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From Edward Ribeiro <edward.ribe...@gmail.com>
Subject Re: REST client interface
Date Wed, 08 Jul 2009 21:06:05 GMT
> How far away from giving us something like this is thrift's HTTPTransport?
The only thing in common between Thrift-over-http and REST is the
application level protocol.

> But does it 'really' make sense internally?

No, it doesn't make sense. But I am not talking about put it
internally. No, by any means! Thrift should be used for this and works
just great!

I'm thinking about the a guy who wants to write a PHP/Java/Ruby web
app and don't want to mess with thrift. Everything is already there
for him, that is, the http lib of his/her language.

REST is not an rpc mechanism like thrift or xml-rpc or soap or rpc.
For REST the URL has a semantics as well as the http methods. REST is
most flexible, and simple than using any rpc mechanism.

> That said, I don't see the need for a RESTful public interface

I agree with Michael, but the idea is not have an internet available
interface. By any means, again. :-) Nevertheless, ActiveMQ, for
example, do this.

And I am a great supporter of thrift for communication among the nodes
of cassandra, but if I am designing a PHP app I would be very glad if
I had a REST interface to talk to cassandra. I am thinking from a user
perspective here. You don't have to tell devs: "oh, you want to talk
to Cassandra? Then get this IDL and compile it and put thrift.lib on
this folder, but be aware that  if we add new methods you will have to
compile for your favourite lang again". You just tell them: "get your
favorite lang http lib and there you go."

Look, I've got misunderstood here. I am not talking about using REST
for node to node communication. This just doesn't make sense at all! I
am talking about a web app talking to Cassandra through REST.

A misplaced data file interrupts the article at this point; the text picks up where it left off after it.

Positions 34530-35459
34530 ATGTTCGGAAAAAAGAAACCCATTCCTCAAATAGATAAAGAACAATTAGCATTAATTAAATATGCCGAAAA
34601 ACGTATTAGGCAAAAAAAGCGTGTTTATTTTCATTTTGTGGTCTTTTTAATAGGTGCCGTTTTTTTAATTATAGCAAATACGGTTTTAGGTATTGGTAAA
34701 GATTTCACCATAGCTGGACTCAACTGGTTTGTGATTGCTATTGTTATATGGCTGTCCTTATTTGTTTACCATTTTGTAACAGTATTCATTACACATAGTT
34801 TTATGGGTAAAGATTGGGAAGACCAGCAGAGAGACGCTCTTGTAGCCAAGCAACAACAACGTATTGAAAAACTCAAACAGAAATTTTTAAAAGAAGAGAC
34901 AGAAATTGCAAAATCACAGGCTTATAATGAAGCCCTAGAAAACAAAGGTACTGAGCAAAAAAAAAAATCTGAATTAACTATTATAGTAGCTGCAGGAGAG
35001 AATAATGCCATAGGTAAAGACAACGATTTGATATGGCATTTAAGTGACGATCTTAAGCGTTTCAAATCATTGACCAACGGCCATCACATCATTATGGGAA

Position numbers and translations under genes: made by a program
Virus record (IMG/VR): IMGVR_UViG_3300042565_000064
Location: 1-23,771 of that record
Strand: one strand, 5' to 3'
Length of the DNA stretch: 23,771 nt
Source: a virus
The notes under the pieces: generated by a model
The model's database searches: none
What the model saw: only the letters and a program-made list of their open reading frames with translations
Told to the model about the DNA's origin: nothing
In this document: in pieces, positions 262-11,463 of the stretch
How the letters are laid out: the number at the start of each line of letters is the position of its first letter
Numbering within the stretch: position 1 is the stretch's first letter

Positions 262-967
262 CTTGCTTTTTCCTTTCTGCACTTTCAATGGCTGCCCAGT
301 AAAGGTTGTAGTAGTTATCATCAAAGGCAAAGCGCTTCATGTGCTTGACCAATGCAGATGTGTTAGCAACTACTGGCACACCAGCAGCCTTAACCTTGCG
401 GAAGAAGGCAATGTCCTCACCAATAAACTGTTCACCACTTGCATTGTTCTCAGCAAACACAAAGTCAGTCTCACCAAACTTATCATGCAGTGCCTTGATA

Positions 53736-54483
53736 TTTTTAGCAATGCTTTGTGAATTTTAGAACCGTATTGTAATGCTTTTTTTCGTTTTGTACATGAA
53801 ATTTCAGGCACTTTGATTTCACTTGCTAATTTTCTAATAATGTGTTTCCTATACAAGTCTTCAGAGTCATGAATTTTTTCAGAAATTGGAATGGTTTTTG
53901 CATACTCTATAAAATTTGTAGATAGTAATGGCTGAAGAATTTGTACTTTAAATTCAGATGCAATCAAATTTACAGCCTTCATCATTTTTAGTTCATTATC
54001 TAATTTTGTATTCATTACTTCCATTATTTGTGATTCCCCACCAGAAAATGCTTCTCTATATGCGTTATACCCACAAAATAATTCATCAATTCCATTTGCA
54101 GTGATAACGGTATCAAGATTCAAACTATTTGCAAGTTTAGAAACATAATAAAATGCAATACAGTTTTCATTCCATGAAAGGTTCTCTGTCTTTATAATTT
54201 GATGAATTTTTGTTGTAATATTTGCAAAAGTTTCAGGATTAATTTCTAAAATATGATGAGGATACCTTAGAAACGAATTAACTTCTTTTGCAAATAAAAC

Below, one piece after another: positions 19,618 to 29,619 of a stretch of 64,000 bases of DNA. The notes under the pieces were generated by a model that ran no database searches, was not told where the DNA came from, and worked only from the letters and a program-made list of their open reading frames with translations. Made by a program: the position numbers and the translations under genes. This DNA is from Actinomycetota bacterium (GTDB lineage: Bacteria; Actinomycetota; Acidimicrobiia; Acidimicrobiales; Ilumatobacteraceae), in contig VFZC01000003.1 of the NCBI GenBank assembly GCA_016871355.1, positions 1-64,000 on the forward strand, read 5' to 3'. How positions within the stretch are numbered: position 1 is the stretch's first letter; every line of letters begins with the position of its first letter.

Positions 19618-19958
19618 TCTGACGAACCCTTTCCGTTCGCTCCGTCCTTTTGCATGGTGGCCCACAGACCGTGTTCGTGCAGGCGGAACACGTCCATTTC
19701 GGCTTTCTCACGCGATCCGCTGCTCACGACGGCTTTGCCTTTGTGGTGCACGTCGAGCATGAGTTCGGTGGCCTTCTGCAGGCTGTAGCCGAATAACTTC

Best regards,
Edward

On Wed, Jul 8, 2009 at 5:33 PM, Michael Greene<michael.greene@gmail.com> wrote:
> I don't think Thrift's HTTP transport would be ideal for a RESTful
> client interface.  It's more of a Thrift-over-HTTP than it is RESTful
> HTTP.
>
> That said, I don't see the need for a RESTful public interface.  You
> would want to filter requests from the public anyway, and using pure
> Thrift internally is going to be more efficient on the backend.
>
> Michael
>
> On Wed, Jul 8, 2009 at 3:17 PM, Jonathan Ellis<jbellis@gmail.com> wrote:
>> How far away from giving us something like this is thrift's HTTPTransport?
>>
>> On Wed, Jul 8, 2009 at 3:10 PM, Edward Ribeiro<edward.ribeiro@gmail.com> wrote:
>>> Hi folks,
>>>
>>> I've started to write a RESTful client interface. Anyone is working on this?
>>>
>>> Well, it uses jersey + jetty. Jetty loads quickly and has a relatively
>>> small footprint. And REST rocks! The downside is that both frameworks
>>> require an awful bunch of jars (8 jars or so). The small URLs that
>>> I've got working make sure that REST is the way to go when it comes to
>>> client apis.
>>>
>>> It's still an early draft, but next Tuesday I should be posting the
>>> first version as a JIRA issue, I hope. Below is a small list of things
>>> that are currently working (I've just started this afternoon):
>>>
>>> http://localhost:9999 --> retrieves info about the node
>>> http://localhost:9999/tables --> list the tables available
>>> http://localhost:9999/config --> echo the XML config file
>>> http://localhost:9999/tables/<Table Name> --> describe the table
>>> http://localhost:9999/tables/<Table Name>/<Column
>>> Family>/<Column>/<Key> --> retrieve row.
>>>
>>> The examples above will certainly change to suit the rest philosophy.
>>> I am not particularly fond of the last example... If anyone is
>>> interested, just drop me a mail and I'll send you the files, but I
>>> should open a JIRA issue next week. Any suggestion about URLs for
>>> operations is also welcome.
>>>
>>> Best regards,
>>> Edward
>>>
>>
>

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